There are occasional funny moments too, like when Howie smokes pot with Sandra Oh’s character and then sits through group therapy looking dazed. He even giggles during a couple’s heartfelt confession, to the ire of everyone else. (That was, for lack of a better word, simply and frankly adorable.) But when he gets home, his mood blackens immediately when he realises that Becca has deleted a video of their son from his phone — accidentally, but he doesn’t think so — and he has a fight with her about how he feels she is trying to erase all traces of their son from their lives. It was very human, very real, and I felt for it more than I thought I would.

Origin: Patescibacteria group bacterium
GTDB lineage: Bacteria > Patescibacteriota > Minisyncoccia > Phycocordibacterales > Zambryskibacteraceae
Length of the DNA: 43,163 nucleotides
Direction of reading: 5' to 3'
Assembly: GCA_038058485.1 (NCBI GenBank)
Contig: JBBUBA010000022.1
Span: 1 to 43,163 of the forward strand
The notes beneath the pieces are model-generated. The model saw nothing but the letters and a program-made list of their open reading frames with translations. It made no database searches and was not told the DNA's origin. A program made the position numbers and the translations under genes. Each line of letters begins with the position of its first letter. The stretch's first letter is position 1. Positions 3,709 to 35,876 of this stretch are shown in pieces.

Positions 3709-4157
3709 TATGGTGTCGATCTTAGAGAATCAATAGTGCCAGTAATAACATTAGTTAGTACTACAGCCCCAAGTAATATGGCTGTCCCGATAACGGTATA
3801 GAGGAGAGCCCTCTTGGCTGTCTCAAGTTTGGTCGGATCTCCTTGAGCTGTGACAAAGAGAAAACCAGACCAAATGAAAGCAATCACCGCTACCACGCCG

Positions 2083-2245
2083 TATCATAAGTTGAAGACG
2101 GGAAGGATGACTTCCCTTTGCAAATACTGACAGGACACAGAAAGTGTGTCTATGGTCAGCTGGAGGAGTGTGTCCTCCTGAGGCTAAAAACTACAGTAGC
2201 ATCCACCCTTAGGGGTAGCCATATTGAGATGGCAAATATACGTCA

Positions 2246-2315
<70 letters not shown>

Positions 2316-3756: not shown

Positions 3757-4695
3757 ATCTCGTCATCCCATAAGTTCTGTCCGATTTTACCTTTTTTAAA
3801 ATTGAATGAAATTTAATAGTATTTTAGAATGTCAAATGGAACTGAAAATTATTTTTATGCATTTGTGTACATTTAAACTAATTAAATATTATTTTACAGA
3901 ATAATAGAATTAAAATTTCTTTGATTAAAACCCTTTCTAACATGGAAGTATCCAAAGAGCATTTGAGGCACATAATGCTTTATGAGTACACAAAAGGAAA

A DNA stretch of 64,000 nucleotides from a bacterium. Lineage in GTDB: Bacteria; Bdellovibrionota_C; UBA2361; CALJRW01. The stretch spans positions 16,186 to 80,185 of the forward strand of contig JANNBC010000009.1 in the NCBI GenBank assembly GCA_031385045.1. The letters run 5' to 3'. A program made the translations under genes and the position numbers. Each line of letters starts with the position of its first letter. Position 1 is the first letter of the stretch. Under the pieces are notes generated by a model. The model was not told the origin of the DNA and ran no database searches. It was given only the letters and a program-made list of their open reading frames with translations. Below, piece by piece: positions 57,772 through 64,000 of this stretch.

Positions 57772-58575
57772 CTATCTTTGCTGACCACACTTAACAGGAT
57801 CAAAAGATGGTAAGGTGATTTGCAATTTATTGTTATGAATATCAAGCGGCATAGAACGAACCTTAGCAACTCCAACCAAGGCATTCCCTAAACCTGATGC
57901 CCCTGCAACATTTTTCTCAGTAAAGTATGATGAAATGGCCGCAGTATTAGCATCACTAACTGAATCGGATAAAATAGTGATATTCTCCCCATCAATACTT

(On another note, how did John Cameron Mitchell go from directing Hedwig and the Angry Inch and Shortbus, which explore sexuality so unabashedly, to Rabbit Hole and ads for Dior?)

Possession

Possession (2002)

I’ve known of this film for some time — its synopsis got me interested in the book (though not in watching the movie. Hmmm), after which I found out it won the 1990 Booker Prize. But in the end, I still got around to watching the film first.

I don’t think research plays very well on screen. Much as I love Aaron Eckhart, I found myself very unconvinced by his and Gwyneth Paltrow’s modern day characters (and lack of chemistry), and I prefer their period counterparts played by Jeremy Northam and Jennifer Ehle, whose characters had more feeling. I think the book would have been much better in exploring the intricacies of the story and their relationships. But books usually do that better anyway.